In your head you see what Daddy said happening like a TV show and you picture the face of the person who could throw a live dog off a bridge. That person would be creepy with ugly eyes that made everyone want to turn away from him. The thought gives you the shivers.

Anyway, you hear the WEE-ow WEE-ow WEE-ow of a siren far away and you and Mud walk down to the riverbank because the sound seems to be coming from across the river.

You look toward the bridge that joins John’s Island, where you live, to Wadmalaw Island, and you see a whole mess of emergency vehicles, lights flashing. You’re sticky-sweaty, the hot air feels heavy as steam, but the lights blinking make you think of Christmastime, which is weird because the world smells of gardenias and mowed grass and saltmarsh, not at all Christmassy.

You walk to the end of the dock because that gives you a better view of the bridge and you sit down, careful not to get splinters in your legs. Mud sits beside you and sniffs the seagull poop splattered on the dock like dried white paint and you watch the activity at the bridge, guessing what might have brought those ambulances plus a firetruck, even when there’s no smoke or flames. Those emergency lights make your insides feel electric because something bad is unfolding down the river. You watch, thinking maybe the police caught the creepy man pitching puppies.

When Mama rings the bell on the porch, you know it’s suppertime, so you go back to the house, but not before a police boat shows up under the bridge, and you think that’s something you’ve never seen before: a police boat.

Mama says she heard somebody drowned, likely crabbing and went in too deep and got caught in the current. Daddy says the tide whips under that bridge pretty fast and could suck an unaware person right in. He teaches you and Pete and Jackie Boy the word undertow and says, That’s why you never go swimming someplace unfamiliar without a grown up. You and Pete say yes sir, and Jackie Boy just keeps gnawing on a cob of silver queen corn because he’s four.

The next morning you skip watching cartoons and instead go out to the riverbank because you’re kind of sad and feeling spooky but also eager to find out more about the person who got sucked into the river. You feel the goosebumps rise when you think about the body of a dead person that could be somewhere nearby, just under the surface of the river, your river, where you’ve splashed and fished and crabbed your whole life, the place where you found sweet Mud. Now, police boats are dragging the water with nets, and divers in strange suits with air tanks like Jacques Cousteau pop through the surface every now and then.

Around lunchtime, a man who works with Daddy stops by the house to drop off a chainsaw he’s borrowed and you hear him say, “Aww, John, it was just one of them damn Mexican migrants drowned last evening.” Daddy says something about that being a shame and that he hopes the fellow turns up soon. You wonder how the man returning the chainsaw knew the migrant was from Mexico and not from Honduras or Guatemala.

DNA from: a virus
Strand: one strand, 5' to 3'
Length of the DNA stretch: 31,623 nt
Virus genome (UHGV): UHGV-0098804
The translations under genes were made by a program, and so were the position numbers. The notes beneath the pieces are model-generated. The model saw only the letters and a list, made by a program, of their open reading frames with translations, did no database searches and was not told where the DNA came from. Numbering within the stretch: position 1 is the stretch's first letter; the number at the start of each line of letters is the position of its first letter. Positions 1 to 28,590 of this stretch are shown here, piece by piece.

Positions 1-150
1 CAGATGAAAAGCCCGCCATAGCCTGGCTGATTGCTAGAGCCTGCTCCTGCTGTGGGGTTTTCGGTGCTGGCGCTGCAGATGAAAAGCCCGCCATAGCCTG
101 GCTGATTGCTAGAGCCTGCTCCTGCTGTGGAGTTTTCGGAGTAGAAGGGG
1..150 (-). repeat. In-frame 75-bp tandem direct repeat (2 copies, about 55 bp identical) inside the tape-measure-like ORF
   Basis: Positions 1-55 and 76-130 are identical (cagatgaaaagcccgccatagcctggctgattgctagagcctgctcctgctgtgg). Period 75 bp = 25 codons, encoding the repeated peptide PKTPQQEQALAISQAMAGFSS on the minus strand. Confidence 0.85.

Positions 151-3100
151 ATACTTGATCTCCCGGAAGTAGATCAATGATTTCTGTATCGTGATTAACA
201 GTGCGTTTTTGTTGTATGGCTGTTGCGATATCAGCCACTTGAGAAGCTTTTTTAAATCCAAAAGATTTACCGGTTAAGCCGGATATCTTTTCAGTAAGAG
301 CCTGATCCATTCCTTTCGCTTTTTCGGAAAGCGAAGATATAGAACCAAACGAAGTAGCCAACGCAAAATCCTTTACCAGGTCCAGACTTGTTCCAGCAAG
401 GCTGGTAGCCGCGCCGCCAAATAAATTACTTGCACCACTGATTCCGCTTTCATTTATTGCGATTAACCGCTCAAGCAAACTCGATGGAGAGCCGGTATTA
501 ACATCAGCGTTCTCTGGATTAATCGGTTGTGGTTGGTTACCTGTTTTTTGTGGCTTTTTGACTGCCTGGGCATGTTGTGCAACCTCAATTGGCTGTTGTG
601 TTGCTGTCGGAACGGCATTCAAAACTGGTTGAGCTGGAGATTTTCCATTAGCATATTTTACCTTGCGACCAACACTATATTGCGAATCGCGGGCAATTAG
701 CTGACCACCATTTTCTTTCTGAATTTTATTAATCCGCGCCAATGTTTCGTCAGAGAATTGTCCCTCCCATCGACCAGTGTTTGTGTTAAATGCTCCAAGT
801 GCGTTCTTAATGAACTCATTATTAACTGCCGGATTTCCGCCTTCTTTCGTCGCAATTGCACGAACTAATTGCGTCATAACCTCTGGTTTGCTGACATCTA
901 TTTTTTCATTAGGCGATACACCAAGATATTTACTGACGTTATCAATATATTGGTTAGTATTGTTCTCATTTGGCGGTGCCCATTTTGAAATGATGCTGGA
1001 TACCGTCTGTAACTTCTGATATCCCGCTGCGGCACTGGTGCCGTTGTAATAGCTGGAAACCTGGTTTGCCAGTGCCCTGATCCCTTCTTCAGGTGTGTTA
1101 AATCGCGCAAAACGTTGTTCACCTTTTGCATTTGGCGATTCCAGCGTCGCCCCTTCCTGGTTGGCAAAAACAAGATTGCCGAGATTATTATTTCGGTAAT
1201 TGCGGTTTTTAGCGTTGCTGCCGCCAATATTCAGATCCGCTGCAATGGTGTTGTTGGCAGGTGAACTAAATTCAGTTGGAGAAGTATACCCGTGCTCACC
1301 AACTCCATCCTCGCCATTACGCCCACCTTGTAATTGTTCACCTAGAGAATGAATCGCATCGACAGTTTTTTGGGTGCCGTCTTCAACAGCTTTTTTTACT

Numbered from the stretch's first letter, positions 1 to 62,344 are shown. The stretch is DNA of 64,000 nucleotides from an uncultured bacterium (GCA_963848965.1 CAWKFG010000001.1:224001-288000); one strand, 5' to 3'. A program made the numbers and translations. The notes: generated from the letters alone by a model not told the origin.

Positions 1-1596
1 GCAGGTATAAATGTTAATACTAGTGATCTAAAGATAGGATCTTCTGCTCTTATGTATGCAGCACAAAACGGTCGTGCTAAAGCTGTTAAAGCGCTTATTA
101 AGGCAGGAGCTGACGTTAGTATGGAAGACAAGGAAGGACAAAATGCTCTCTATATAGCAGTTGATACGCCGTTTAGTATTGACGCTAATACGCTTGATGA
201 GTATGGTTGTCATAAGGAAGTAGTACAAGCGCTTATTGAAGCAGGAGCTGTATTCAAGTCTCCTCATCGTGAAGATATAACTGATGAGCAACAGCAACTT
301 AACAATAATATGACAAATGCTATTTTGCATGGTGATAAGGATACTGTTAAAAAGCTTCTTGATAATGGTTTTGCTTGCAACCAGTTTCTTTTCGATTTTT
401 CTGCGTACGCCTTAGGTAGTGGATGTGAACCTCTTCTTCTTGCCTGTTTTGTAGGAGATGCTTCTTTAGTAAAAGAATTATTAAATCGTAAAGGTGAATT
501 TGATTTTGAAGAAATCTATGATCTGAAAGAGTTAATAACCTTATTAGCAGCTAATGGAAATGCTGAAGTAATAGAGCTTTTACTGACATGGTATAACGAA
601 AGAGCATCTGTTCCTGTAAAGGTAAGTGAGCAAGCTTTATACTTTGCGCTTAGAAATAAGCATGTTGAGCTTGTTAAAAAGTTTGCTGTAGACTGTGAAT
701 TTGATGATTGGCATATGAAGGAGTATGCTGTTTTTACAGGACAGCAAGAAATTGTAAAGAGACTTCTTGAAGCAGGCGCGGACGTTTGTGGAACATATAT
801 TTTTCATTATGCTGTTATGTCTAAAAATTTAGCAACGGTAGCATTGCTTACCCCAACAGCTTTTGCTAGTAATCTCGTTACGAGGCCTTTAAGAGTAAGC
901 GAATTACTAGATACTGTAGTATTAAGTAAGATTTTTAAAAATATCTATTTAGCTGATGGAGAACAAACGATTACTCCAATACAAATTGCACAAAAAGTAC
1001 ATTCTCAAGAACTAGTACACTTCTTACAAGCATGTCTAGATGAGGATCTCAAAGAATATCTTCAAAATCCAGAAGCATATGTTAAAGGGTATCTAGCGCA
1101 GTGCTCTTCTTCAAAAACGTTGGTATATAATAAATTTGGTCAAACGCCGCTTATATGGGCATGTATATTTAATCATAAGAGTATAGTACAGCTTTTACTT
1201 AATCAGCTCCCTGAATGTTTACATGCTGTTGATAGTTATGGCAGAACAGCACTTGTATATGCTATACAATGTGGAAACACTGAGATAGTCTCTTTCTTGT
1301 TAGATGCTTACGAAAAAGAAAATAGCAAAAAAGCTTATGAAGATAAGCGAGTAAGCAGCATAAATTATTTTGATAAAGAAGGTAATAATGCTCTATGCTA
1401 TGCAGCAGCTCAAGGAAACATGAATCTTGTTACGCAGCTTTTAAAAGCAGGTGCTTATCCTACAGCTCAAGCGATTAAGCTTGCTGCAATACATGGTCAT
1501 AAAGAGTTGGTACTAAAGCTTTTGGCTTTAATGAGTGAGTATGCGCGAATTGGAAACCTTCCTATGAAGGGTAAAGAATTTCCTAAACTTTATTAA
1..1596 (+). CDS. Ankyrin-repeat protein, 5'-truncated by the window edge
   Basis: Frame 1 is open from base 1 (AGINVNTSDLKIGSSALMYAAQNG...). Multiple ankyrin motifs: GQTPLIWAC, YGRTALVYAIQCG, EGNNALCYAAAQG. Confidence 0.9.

Just before suppertime, they find the migrant’s body. He had drifted past your dock, because that’s where the searchers found him, down river.

You feel weird inside, mixed up in a way you can’t name. You think hard on that feeling for days, long after everyone else seems to have forgotten the drowning.

You look at the migrants in the fields and wonder if the drowned man had a child, and if he did, you wish you could have been friends with his daughter or son. You like to think maybe, somehow, you could have been helpful and kind if y’all were friends. You’d have said, I’m so sorry about your daddy, and you’d think about them being far from home. You wonder where they had a funeral, in South Carolina or back in Mexico or wherever the dead man came from. And if they buried him back in Mexico or where ever, how’d they get his body there.

That unnamed feeling never quite goes away and you think about the migrants every May around your birthday and sometimes you imagine meeting that girl in the floppy hat as a grown up. You hope it wasn’t her daddy who drifted past your house. You think of her big, brown eyes and her smile and you wish you knew her name.

Photo by Elaine Casap on Unsplash

CategoriesShort Fiction
Michel Stone

Michel Stone's novels Border Child (April 2017, Doubleday/Anchor) and The Iguana Tree (Hub City Press, 2012) have been favorably reviewed by The San Francisco Chronicle, The New Yorker, The Atlanta Journal Constitution, Kirkus (starred review), Publishers Weekly (starred review) among others. She received the Mary Frances Hobson Prize for Distinguished Achievement in Arts and Letters, the Patricia Winn Award for Southern Literature, and the South Carolina Fiction Award.